GOODING — The Big Wood River continued to flood Tuesday and while areas of Blaine and Gooding counties have flooded, officials are predicting no flooding in Mini-Cassia from the Snake River.
“The water is going over the roads in a couple of places but it’s not like it was the last time,” Shaun Gough, Gooding County Sheriff said about The Big Wood River flooding. “It’s mostly in the fields.”
According to the gauges, Gough said, the water level appears to be receding.
“The damage is about the same as it was last time,” he said.
A flood warning is in effect for The Big Wood River at Hailey. Sundance Park is flooded, Zinc Spur subdivision was threatened as bank erosion increased, Deer Creek Road may be damaged, and Bellevue near Broadford Road was under threat along with Eagle Creek subdivision.
City leaders in Ketchum have asked residents and visitors to stay away from Warm Springs Creek and the Big Wood River and its tributaries because of a threat to public safety and health.
Last weekend, the city distributed 1,500 sandbags to residents battling rising floodwaters. Another 3,000 bags will be filled Wednesday and be available to residents.
The weekend’s flooding is a precursor to predicted flooding through mid-June, the city said.
Fire Chief Mike Elle encourages residents along the floodplain put together a kit that includes extra clothes, medicines, food and pet supplies.
“The important thing right now is for people to stay out of the water; just avoid it altogether because of the risk it poses to health and safety,” Elle said. “The river itself is extremely dangerous and unpredictable every time a tree falls into the current and is carried downstream, creating a potential hazard for roads, bridges and private property.”
The city’s Planning and Building Department expedited its permit process for making stream bank alterations during the next few weeks. Even a slight modification upstream can create bigger problems downstream, so residents should contact the city before making alterations. Call the department at 208-726-7801.
Despite water levels on the verge of spilling over the banks of the Snake River in some areas, officials say no flooding from the river is expected in Mini-Cassia.
“There are no predictions of flooding in Mini-Cassia,” said Corey Loveland, water operations manager for the Upper Snake Field Office of the Bureau of Reclamation in Heyburn.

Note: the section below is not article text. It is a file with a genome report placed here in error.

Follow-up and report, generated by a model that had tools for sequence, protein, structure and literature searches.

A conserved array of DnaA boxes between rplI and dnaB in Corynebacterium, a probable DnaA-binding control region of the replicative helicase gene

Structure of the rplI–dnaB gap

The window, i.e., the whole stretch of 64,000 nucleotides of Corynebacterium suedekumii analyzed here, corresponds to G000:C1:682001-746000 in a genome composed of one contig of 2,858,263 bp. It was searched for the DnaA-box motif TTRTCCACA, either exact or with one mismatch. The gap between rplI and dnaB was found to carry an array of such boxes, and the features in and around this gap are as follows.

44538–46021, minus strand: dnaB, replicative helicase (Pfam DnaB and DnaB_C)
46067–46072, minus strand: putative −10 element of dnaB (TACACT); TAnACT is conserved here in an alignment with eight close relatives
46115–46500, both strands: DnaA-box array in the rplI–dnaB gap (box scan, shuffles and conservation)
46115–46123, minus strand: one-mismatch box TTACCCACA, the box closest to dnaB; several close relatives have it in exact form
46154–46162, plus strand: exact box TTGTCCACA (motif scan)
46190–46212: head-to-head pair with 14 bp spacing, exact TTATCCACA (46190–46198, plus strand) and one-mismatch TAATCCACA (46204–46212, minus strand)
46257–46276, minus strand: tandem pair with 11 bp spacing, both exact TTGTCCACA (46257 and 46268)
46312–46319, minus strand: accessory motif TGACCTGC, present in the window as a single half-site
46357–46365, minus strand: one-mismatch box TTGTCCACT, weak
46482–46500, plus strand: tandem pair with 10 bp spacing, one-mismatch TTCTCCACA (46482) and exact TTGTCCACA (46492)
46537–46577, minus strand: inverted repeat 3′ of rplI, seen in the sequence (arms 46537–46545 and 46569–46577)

Loveland said the bureau is “managing” the flows to prevent any flooding.
“We have been watching the snowpack this winter and making appropriate storage releases to prevent flooding,” he said.
Loveland said 21,000 cfs were being released Tuesday at Lake Walcott.
“That’s definitely above average,” he said.
The Bureau of Reclamation showed Lake Walcott at 91 percent full on Tuesday, American Falls at 97 percent, Milner at 68 percent, Palisades at 9 percent and Jackson Lake at 57 percent.
Cassia County undersheriff George Warrell said the sheriff’s office has not taken any reports of flooding from the river.
“I know the water level is pretty high right now,” Warrell said.
Warrell said all the roads in the county that were closed due to flooding in January and February are now open.
“But there are still a lot of roads with a lot of damage,” Warrell said.
All the roads closed by flooding in Minidoka County have been reopened, Minidoka County Sheriff Eric Snarr said.
“The roads are still being repaired, though,” Snarr said.
Much of the road repairs will hinge on state and federal funding, Warrell said.
In April President Donald Trump signed a flood disaster declaration covering 11 Idaho counties including Cassia, Gooding, Jerome, Lincoln, Minidoka and Twin Falls.
Damage to roads in those counties exceeds $30 million, according to state estimates.
The feds will pick up 75 percent of the eligible damage costs of public projects with local and state government picking up the tab for the rest.
The funding will not cover residential or business losses.
The Small Business Administration will also lend private nonprofits up to $2 million to repair or replace damaged real estate, machinery, equipment, inventory or other business assets and to help with the costs of improvements to protect, prevent future disaster caused damage from occurring.
For certain private nonprofit organizations the SBA offers economic injury disaster loans to meet working capital needs to pay fixed debts, payroll or accounts payable and other bills.
The interest rate on the loans is 2.5 percent with terms up to 30 years. The filing deadline is June 20. Apply online at sba.gov/loans-grants.
Warrell said a meeting with the Idaho Emergency Management Office is scheduled at 1 p.m. Wednesday at the Cassia County Sheriff’s Office to explain the funding options and process for government agencies. A similar meeting is scheduled for Minidoka County at 9 a.m. Wednesday at the Wilson Theatre.